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Seasonal dynamics of arginine ammonification in forest soils of Norway spruce pure stands under different silvicultural practices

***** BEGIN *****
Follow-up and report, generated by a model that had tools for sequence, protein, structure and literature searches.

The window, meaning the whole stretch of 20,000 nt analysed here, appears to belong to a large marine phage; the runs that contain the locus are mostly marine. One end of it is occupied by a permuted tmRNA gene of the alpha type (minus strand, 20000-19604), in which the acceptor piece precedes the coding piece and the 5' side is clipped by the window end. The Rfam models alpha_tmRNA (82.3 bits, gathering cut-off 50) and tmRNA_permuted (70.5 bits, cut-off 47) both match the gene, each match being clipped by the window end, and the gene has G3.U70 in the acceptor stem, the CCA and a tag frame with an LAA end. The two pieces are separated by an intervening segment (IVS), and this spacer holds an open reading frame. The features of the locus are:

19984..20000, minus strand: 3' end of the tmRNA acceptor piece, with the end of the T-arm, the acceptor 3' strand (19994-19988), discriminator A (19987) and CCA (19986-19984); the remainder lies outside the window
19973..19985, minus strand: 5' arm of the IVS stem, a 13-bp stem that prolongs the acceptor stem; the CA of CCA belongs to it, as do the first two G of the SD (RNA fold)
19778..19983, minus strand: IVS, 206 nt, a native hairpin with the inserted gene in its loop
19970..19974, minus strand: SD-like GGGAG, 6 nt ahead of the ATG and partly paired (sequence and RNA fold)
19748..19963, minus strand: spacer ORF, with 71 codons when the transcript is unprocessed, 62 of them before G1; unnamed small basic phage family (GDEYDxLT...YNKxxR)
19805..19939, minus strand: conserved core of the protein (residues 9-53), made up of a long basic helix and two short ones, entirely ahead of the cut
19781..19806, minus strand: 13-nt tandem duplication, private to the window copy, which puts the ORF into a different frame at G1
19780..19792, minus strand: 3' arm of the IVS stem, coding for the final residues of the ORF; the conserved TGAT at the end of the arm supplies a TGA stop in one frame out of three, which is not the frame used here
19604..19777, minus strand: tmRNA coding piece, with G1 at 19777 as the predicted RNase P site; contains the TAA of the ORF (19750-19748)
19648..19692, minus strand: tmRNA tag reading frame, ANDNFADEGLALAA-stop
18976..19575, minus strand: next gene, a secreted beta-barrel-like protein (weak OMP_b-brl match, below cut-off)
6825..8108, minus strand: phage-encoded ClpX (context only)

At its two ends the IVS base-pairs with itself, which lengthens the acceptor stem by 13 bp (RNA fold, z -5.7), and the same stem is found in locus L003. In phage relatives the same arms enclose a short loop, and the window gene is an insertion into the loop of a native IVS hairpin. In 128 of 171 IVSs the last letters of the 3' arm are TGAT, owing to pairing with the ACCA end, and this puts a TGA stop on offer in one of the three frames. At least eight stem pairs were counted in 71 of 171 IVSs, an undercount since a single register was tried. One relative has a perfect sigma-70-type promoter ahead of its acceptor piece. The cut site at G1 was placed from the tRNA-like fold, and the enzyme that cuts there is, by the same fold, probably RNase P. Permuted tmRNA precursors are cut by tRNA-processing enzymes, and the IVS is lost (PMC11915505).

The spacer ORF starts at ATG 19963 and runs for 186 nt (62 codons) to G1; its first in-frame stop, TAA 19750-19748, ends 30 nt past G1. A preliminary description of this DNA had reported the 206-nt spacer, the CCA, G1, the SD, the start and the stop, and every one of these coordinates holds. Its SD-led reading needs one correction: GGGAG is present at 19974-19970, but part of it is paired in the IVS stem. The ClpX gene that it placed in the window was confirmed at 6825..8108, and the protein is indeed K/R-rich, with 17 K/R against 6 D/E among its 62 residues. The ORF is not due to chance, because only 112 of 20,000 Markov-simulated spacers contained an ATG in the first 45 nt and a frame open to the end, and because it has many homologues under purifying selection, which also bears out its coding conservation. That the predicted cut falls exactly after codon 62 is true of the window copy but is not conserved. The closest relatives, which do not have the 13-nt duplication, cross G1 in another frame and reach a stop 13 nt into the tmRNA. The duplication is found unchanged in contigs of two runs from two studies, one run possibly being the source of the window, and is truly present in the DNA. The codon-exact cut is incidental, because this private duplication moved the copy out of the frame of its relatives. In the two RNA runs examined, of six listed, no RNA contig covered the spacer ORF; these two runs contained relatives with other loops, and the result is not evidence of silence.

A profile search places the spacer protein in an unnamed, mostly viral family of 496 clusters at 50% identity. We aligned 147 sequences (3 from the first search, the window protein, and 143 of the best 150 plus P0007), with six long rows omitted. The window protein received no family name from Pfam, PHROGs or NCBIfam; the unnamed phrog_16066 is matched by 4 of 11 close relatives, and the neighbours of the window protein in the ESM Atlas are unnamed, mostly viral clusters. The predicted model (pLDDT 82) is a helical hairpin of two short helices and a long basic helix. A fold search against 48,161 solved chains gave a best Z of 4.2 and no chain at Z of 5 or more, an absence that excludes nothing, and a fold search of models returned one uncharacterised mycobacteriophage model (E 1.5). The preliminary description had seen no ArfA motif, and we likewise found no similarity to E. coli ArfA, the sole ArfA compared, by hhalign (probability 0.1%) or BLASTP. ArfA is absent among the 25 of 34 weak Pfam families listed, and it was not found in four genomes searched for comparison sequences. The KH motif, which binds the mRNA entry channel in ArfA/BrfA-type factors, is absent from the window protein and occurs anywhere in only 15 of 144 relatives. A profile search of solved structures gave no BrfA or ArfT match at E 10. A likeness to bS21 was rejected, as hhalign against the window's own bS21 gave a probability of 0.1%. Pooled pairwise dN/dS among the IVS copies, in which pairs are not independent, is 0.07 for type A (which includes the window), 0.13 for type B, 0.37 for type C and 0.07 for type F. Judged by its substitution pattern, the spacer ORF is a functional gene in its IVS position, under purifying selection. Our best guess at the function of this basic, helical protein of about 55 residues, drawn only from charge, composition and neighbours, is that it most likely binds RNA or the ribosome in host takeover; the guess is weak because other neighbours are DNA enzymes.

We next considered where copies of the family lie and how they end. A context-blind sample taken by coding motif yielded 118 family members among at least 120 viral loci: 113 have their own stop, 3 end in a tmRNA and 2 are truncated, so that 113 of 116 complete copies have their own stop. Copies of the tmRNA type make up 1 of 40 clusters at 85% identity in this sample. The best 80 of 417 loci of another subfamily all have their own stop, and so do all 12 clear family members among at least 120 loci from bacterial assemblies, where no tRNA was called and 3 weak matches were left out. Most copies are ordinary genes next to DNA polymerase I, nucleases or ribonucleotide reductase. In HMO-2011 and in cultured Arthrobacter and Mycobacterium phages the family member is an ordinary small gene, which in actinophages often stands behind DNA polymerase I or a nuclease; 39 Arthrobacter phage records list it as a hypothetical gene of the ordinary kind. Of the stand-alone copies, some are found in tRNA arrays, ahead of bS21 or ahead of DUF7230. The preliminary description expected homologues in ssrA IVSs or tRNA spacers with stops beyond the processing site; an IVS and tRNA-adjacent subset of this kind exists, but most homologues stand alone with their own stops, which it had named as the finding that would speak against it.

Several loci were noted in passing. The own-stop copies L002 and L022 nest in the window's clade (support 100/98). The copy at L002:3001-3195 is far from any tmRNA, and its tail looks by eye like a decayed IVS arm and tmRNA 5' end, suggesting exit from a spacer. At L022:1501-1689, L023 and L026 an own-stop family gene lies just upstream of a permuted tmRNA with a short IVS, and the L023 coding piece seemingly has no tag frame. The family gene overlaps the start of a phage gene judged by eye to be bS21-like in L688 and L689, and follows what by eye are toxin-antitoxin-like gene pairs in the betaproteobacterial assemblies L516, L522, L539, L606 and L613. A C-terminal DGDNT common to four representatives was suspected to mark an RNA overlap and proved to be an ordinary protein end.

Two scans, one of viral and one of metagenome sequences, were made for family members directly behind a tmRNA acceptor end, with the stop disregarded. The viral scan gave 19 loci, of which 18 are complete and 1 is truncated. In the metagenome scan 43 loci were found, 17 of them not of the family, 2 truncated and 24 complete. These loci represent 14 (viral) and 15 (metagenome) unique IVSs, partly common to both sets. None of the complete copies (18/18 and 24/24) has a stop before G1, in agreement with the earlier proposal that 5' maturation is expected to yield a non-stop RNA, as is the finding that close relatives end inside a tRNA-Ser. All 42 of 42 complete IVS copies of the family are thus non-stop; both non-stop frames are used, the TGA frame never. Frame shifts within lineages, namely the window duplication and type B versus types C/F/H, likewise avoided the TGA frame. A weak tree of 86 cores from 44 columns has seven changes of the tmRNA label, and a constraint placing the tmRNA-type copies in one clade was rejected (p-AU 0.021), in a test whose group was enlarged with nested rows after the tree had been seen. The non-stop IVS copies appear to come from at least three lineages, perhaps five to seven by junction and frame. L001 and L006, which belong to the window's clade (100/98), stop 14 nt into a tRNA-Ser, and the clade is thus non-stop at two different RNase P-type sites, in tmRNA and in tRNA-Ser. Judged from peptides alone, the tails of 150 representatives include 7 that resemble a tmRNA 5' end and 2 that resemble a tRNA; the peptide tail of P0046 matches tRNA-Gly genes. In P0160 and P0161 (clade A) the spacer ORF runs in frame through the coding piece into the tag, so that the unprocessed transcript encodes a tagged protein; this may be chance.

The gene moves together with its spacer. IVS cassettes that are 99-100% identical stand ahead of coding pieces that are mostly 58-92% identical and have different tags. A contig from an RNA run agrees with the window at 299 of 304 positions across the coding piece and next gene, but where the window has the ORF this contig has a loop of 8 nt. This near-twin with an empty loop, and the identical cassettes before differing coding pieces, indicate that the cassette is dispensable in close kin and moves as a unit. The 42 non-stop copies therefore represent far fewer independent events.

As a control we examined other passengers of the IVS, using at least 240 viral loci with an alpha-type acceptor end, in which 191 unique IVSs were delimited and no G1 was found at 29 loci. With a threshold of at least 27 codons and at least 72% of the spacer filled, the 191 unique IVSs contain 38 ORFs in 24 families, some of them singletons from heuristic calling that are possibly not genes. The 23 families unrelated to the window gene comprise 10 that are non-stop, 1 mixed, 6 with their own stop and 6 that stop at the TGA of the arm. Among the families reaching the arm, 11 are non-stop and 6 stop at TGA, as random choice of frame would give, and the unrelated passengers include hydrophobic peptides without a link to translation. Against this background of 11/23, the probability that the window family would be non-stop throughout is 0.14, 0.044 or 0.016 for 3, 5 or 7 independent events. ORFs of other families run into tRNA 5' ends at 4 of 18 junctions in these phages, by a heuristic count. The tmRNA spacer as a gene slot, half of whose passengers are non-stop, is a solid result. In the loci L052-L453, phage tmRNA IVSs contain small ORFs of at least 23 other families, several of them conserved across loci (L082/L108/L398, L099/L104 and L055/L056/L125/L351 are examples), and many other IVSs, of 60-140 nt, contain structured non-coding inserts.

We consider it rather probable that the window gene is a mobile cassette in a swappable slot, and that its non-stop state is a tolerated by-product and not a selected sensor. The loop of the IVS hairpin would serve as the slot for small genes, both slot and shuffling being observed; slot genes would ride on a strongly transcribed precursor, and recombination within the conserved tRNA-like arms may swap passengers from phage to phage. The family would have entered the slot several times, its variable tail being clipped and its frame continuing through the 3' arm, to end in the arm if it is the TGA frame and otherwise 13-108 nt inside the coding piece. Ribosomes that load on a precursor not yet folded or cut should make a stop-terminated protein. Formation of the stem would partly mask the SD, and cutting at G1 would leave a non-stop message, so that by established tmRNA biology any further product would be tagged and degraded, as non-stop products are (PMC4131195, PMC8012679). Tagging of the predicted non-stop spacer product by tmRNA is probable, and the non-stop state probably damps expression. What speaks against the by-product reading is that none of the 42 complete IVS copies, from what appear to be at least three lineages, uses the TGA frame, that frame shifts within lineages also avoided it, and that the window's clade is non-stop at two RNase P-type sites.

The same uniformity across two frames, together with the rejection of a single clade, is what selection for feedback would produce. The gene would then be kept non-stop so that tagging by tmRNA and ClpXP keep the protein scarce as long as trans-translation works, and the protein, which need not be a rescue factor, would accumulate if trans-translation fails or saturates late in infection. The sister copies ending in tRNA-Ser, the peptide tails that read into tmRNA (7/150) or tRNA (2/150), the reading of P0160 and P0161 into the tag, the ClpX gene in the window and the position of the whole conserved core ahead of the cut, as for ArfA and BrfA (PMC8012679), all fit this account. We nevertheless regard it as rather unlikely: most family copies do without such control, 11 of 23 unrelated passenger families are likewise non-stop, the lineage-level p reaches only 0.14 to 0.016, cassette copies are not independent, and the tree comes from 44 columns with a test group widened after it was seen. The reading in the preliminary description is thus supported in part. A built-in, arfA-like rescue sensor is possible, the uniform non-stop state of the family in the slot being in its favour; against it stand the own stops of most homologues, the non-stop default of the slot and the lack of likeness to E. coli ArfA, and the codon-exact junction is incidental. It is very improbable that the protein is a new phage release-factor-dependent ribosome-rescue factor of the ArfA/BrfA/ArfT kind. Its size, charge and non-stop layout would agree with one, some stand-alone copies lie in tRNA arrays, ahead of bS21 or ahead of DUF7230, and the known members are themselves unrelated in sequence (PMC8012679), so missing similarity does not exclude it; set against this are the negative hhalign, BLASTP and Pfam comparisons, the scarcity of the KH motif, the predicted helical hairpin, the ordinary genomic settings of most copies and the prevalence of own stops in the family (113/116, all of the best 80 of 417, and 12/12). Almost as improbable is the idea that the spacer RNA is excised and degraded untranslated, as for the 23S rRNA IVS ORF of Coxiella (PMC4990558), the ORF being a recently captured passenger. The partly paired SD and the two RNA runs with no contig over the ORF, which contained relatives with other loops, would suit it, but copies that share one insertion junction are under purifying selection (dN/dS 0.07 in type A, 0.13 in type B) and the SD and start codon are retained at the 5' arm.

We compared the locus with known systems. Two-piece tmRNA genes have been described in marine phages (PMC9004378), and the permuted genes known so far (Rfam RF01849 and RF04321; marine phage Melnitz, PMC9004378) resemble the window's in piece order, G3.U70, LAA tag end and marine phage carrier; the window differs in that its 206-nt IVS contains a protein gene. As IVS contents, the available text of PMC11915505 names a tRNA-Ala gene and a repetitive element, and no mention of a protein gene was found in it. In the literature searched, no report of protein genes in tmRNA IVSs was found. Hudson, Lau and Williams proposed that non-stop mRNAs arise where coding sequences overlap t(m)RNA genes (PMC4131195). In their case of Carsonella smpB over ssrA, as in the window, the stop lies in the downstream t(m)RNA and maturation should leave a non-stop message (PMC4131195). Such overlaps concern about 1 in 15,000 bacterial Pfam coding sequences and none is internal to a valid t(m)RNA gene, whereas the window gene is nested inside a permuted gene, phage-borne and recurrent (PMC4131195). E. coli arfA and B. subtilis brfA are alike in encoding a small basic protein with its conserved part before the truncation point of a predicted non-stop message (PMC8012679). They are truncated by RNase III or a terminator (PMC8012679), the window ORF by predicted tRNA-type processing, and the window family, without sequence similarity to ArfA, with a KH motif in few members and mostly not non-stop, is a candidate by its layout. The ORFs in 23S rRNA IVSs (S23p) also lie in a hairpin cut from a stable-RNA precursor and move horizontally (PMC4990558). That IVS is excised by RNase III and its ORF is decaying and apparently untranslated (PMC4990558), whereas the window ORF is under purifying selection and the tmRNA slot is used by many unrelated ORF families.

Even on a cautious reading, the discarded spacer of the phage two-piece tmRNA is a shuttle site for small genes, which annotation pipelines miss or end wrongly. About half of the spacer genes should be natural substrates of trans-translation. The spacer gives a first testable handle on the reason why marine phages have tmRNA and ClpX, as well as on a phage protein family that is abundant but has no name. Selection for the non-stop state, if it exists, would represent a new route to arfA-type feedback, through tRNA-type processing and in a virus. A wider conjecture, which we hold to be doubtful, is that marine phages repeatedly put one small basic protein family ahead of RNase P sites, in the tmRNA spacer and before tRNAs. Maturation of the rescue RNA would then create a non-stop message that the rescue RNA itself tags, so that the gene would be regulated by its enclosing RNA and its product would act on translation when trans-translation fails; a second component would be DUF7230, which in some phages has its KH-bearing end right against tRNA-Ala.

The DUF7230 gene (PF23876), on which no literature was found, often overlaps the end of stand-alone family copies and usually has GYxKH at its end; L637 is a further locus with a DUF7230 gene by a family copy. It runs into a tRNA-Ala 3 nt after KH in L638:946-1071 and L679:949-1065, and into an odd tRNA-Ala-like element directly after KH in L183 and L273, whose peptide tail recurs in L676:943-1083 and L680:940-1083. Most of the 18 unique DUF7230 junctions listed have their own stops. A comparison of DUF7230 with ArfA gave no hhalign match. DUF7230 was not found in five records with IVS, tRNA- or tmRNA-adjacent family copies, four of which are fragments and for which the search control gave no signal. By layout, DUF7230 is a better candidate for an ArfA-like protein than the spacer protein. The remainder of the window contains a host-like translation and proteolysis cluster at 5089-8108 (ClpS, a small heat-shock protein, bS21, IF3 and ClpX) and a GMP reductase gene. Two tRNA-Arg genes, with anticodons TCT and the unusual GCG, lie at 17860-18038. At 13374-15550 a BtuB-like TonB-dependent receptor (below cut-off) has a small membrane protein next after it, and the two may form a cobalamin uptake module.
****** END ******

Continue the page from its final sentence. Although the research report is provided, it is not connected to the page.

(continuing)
Effects of seasonal dynamics and silvicultural practice on ammonification of arginine, one of the proteinogenic amino acids, were assessed in surface organic H-horizon of three Norway spruce pure stands in medium altitudes (600 - 660 m a.s.l.). Contents of ammonium ions NH4+ measured monthly in the field and contents of NH4+ after laboratory incubation of these samples with arginine were taken as dependent variables in ANOVA and in linear regression model using generalised linear model. The aim of the analyses was to determine the significance of decomposition of this amino acid in H-horizon of forest soils and to determine categorical and continuous predictors which influence intensity of the ammonification. Laboratory experiments confirmed its close link to seasonal dynamics, as well as to forest management; however the last mentioned was firstly found as less significant when compared within whole season. As regards to seasonal dynamics in forest soils, the highest amount of ammonium ion was released in May and the lowest in July. As regards to the silvicultural practice applied, more ammonium ion was released under mature spruce monoculture, especially in August and May; in the young stands, the method of thinning had no effect on the ammonium ion release. However, the arginine ammonification was found to be influenced by ammonium nitrogen content (slight, less significant negative correlation) and by soil water content (stronger positive significance), especially in the stand with thinning from below. This was concluded to be caused by changes in stand microclimate in function of the silvicultural practice.

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